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Ganezer v. DirectBuy

United States District Court Central District of California


February 11, 2009

PHIL GANEZER ET AL.
v.
DIRECTBUY, INC ET AL

The opinion of the court was delivered by: The Honorable Gary Allen Feess

CIVIL MINUTES - GENERAL

Renee Fisher None N/A

Deputy Clerk Court Reporter / Recorder Tape No.

Proceedings: (In Chambers)

ORDER RE: MOTION TO REMAND

Defendant DirectBuy, Inc. ("DBI"), sells franchises to individuals who in turn operate outlets through which they market a direct-buying service to members of the public through a club membership program. Plaintiffs Phil Ganezer and Lynnette Sohl, purchasers of memberships in the program, bring suit against DBI and one of its franchisees claiming that the benefits of membership in the direct-buying organization are misrepresented. The suit was filed in Superior Court; DBI removed to this Court under the provisions of the Class Action Fairness Act ("CAFA"). Plaintiffs now move to remand claiming that the CAFA amount in controversy and minimal diversity requirements have not been met.

The Court concludes that DBI has easily established that more than $5 million is in controversy. The issue of minimal diversity is slightly more complicated because DBI maintains a presence in California through its franchisees rather than company-owned stores. However, the Ninth Circuit in Tosco Corp. v. Communities for a Better Environment, 236 F.3d 495, 501 n.3 (9th Cir. 2001) indicates that the operation of franchise locations should be considered for purposes of determining diversity jurisdiction. Here DBI ignores the activities of its franchise locations and fails to provide the Court with the information sufficient to satisfy the multi-factor test for determining its principal place of business. Industrial Tectonics, Inc. v. Aero Alloy, 912 F.2d 1090, 1094 (9th Cir. 1990). Because the burden is on DBI to establish jurisdiction, and because it has provided no comparative data regarding its business activities in the various states, it has failed to meet its burden of proving that its principal place of business is outside California. The motion to remand is therefore GRANTED. The Court's reasoning is set forth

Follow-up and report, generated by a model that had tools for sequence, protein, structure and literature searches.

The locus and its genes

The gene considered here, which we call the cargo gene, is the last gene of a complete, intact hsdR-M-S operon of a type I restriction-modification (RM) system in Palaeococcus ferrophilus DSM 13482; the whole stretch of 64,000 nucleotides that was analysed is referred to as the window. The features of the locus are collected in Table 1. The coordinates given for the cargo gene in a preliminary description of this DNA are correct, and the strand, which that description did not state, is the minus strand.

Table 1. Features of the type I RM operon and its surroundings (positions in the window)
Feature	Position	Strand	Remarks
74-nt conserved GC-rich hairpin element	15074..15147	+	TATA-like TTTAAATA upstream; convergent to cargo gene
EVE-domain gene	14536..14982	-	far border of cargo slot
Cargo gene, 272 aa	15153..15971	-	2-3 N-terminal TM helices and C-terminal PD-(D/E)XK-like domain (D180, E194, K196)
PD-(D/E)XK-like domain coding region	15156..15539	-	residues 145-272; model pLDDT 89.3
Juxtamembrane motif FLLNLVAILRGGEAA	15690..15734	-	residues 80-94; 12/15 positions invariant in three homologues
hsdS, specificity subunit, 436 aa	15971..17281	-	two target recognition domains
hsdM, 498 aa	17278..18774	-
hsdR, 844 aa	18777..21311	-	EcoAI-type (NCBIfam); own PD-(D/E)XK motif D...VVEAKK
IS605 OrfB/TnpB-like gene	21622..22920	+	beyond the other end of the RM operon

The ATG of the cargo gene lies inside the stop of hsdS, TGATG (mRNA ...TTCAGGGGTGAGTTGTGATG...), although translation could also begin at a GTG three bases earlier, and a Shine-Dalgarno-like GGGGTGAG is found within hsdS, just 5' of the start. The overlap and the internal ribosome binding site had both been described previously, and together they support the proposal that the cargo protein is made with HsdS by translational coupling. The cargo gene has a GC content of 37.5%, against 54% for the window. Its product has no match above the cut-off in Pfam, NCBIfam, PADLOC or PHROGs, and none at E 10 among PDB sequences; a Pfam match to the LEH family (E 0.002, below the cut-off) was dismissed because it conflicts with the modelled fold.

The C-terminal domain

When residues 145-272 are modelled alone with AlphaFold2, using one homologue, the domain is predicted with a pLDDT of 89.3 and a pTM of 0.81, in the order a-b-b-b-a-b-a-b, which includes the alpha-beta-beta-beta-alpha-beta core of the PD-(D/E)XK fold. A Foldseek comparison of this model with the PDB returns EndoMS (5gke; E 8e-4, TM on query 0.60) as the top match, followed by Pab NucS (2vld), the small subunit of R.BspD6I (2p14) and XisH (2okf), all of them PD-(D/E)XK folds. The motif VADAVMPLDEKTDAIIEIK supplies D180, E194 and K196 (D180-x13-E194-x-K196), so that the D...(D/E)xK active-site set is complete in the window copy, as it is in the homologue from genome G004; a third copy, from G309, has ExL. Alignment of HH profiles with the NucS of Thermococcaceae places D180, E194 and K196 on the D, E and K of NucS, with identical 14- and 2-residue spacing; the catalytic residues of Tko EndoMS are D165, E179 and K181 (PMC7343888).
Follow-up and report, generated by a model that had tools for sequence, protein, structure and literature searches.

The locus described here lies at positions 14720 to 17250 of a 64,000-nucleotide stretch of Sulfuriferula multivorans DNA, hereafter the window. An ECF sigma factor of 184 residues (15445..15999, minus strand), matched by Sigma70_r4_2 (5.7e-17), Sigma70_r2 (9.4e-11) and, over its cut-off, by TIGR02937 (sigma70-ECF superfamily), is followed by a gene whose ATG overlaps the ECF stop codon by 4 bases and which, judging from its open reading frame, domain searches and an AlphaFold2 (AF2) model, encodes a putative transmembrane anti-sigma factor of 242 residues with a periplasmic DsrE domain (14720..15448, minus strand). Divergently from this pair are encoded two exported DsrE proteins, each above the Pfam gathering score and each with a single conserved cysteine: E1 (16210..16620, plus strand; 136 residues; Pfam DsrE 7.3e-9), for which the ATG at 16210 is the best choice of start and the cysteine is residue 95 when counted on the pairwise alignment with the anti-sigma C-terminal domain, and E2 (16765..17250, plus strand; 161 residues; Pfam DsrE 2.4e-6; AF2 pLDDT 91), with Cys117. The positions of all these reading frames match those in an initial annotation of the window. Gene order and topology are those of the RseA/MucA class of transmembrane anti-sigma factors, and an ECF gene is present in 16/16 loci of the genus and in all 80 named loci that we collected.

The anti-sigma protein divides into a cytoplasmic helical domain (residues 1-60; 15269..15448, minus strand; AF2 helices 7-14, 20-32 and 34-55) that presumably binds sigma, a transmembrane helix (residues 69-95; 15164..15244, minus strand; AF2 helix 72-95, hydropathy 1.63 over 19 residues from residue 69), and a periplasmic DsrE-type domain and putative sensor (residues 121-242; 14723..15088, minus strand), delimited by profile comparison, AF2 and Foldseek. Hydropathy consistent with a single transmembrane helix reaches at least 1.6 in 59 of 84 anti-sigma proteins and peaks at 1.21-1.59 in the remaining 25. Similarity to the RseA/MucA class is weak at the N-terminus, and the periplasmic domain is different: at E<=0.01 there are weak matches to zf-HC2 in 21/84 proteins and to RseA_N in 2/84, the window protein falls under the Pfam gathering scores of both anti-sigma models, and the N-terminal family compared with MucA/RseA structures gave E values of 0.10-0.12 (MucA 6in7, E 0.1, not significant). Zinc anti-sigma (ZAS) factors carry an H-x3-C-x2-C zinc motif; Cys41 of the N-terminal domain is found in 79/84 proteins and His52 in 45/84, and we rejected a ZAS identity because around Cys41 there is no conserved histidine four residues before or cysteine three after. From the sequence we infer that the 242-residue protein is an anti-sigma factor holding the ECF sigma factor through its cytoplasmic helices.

BACKGROUND

On behalf of "all consumers in the State of California who purchased discount buying organization memberships from Defendants," Plaintiffs filed a class action lawsuit in Superior Court against DBI, an Indiana corporation, The Sequoia Group, a California limited liability company and citizen of California, and Does 1-100, alleging violation of several of California's unfair competition laws. Plaintiffs contend, among other things, that the defendants falsely represent that their DirectBuy club provides its members the opportunity to buy goods and services directly from manufacturers and suppliers at cost, and that the club otherwise defrauds its members through improper fees and overcharges. DBI removed the case to this Court pursuant to CAFA, and Plaintiffs now move to remand the action to state court.

Plaintiffs contend that DBI has failed to prove that the case meets CAFA's amount in controversy threshold of $5 million, and that it has not established minimum diversity because it has failed to prove that DBI's principal place of business is outside California. Though Plaintiffs raise both issues, the only potentially meritorious issue is that of minimal diversity, which requires the Court to determine whether DBI has presented sufficient evidence to prove that it is not a California citizen. The Court is satisfied that DBI has established the amount in controversy by presenting evidence that it has more than 29,000 members in California, that Plaintiff seeks $1,000 for each class member for each violation or three times the amount of actual damages plus restitution. Plaintiffs' complaint plainly puts more than $5 million in controversy. The Court therefore turns to the question of DBI's citizenship.

DISCUSSION

1. CAFA Jurisdiction

CAFA provides in pertinent part:

(d)(2) The district courts shall have original jurisdiction of any civil action in which the matter in controversy exceeds the sum or value of $5,000,000, exclusive of interest and costs, and is a class action in which--